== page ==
The village of Island Pond, in the Northeast Kingdom, is becoming the maple sugar capital of North America. An out-of-state company called Sweet Tree has bought about 7,000 acres and tapped 100,000 trees this year. But they say they don’t want to make the stuff you put on pancakes.
Which comes as good news to smaller competitors.
Before Sweet Tree started stringing its blue sap lines, the newest maple producer in this remote area was April's Maple. Three years ago, April Lemay left a corporate job in Boston to return to her birthplace and make about 4,000 gallons of syrup from 800 acres of forest land that’s been in the family for generations.
Fresh sap streams into a holding tank in a sugar house attached to a cafe and store. Lemay has invested in high-tech equipment. She's not a hobbyist, but she's not an industrialist, either.
“Backyard boilers often come in here, and they walk in and lose their breath at first and with envy, like, 'Ooh, I wish I could have this.' And when you go to Sweet Tree, you will see that it can be industrial,” Lemay says.
So industrial, she hopes, that Sweet Tree will not venture into her small specialty market for syrup, maple creams and candies.
About 15 miles down a pot-holed Route 114, Sweet Tree CFO Michael Argyelan is showing its new processing plant to local and state economic development officials. He starts with a reassuring announcement.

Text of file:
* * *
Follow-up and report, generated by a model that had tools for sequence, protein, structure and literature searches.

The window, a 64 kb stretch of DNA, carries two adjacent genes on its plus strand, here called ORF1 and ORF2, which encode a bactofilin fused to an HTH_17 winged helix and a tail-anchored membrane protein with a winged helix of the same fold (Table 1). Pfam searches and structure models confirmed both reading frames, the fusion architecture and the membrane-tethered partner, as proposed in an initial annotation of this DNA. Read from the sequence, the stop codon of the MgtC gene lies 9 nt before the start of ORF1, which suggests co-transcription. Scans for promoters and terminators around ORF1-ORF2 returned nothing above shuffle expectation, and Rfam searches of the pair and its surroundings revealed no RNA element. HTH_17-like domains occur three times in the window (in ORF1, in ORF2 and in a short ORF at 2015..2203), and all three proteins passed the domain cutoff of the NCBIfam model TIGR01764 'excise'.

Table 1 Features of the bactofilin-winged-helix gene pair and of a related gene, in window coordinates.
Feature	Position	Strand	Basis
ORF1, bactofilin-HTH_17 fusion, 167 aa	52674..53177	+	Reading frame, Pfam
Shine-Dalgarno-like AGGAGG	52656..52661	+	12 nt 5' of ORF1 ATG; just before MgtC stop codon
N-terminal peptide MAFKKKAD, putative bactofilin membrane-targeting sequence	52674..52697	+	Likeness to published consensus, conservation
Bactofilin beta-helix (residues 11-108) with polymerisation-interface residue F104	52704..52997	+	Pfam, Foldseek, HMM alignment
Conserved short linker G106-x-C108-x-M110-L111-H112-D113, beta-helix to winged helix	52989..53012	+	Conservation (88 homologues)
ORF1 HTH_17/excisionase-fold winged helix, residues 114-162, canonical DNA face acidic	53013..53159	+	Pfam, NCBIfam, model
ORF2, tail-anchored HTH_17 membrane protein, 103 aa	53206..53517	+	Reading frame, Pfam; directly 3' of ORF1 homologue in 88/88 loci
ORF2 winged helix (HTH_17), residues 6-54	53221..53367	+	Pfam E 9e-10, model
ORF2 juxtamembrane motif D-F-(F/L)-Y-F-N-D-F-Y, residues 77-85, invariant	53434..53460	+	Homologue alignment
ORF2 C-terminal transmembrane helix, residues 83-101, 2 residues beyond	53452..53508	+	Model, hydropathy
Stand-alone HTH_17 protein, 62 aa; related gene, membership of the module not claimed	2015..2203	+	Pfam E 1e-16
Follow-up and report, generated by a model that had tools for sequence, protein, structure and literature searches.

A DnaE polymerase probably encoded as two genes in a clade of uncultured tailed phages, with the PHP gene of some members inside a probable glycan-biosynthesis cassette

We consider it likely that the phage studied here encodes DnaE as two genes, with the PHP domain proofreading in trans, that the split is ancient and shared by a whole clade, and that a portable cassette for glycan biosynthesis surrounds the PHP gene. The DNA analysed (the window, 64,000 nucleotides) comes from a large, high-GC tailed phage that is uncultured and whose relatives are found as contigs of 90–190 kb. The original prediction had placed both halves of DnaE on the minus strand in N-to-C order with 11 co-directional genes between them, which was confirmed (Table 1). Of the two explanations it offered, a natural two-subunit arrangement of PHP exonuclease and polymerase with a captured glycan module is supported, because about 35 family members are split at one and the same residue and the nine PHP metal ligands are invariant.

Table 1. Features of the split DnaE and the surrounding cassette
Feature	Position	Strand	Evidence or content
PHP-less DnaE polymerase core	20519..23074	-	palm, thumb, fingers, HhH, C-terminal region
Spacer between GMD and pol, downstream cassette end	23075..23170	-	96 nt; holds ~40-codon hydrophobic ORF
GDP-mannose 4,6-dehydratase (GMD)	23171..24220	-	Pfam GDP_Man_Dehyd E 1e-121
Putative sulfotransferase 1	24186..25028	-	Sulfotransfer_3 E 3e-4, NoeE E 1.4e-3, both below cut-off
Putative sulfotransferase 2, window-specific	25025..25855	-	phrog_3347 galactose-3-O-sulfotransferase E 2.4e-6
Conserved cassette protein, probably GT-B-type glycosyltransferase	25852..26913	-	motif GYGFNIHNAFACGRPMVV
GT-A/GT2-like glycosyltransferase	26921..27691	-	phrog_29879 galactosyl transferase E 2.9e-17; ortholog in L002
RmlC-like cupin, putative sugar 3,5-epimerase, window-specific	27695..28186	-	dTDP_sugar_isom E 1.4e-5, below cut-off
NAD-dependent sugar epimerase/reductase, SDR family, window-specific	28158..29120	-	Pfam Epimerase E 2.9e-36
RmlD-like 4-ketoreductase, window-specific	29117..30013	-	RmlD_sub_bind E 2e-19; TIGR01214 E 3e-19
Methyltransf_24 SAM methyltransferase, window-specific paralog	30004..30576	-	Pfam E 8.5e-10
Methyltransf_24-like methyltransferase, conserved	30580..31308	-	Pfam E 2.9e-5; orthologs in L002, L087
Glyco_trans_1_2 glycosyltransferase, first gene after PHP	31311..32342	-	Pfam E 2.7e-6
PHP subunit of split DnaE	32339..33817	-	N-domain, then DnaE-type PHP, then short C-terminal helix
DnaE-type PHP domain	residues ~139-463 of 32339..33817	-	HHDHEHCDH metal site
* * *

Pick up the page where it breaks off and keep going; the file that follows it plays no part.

“We’re not gonna sell syrup. We’re gonna use the syrup to make other things, so this way we won’t disrupt the maple market in the state or the United States. So we’re not gonna dump product just to make money, that kind of thing,” Argyelan explains.
He leads his guests into what he calls the “lab” but dodges questions about what he — a chemist — might cook up there.
“This is just a laboratory area. Half of the equipment is not in there, we’re still working on it,” he says.
David Snedeker, executive director of the Northeastern Vermont Development Association, peers at a commercial stove.
“Is that for...uh?” he ventures.
“Test products. That’s pretty much what it is, just test products,” Argyelan answers, without elaborating.
But by the time the tour reaches the room with four gigantic steam-powered evaporators (eventually there will be eight, capable of processing over 300,000 gallons of syrup a year), Argyelan eventually drops a tantalizing hint. He says his wife is trying out one of his experiments — a facial scrub made from the gritty maple sand left behind after boiling.
That gets a smile from NVDA Director Snedeker. He likes what he's hearing about a value-added production line.
“Be nice if there were some spin-off activity from that in the community,” he remarks at the end of the tour.
And there's more good economic news for the region. Jacques Letourneau, of the Canadian company Bernard and Sons, is trying to set up a network of American producers to help meet growing worldwide demand.
“And that’s why we decided to get a warehouse in Island Pond, about 15,000 square feet, where we can expand that network, but on the U.S. side," he says in a phone interview.
Letourneau likes what he calls the “freer” market in the United States. He expects to pay lower prices for syrup here than he does in Canada, where the maple industry is more closely controlled. He says international customers in 34 countries generally prefer a Canadian brand. But if the syrup comes from Vermont trees, the label says “Made in Canada and the United States.”
Both Bernards’ warehouse and the Sweet Tree building used to be owned by Ethan Allen furniture, which shut down in Island Pond in 2001. Maple sugaring may not replace hundreds of those lost jobs, but it’s one way to sustain the same working forests that used to yield tables and chairs.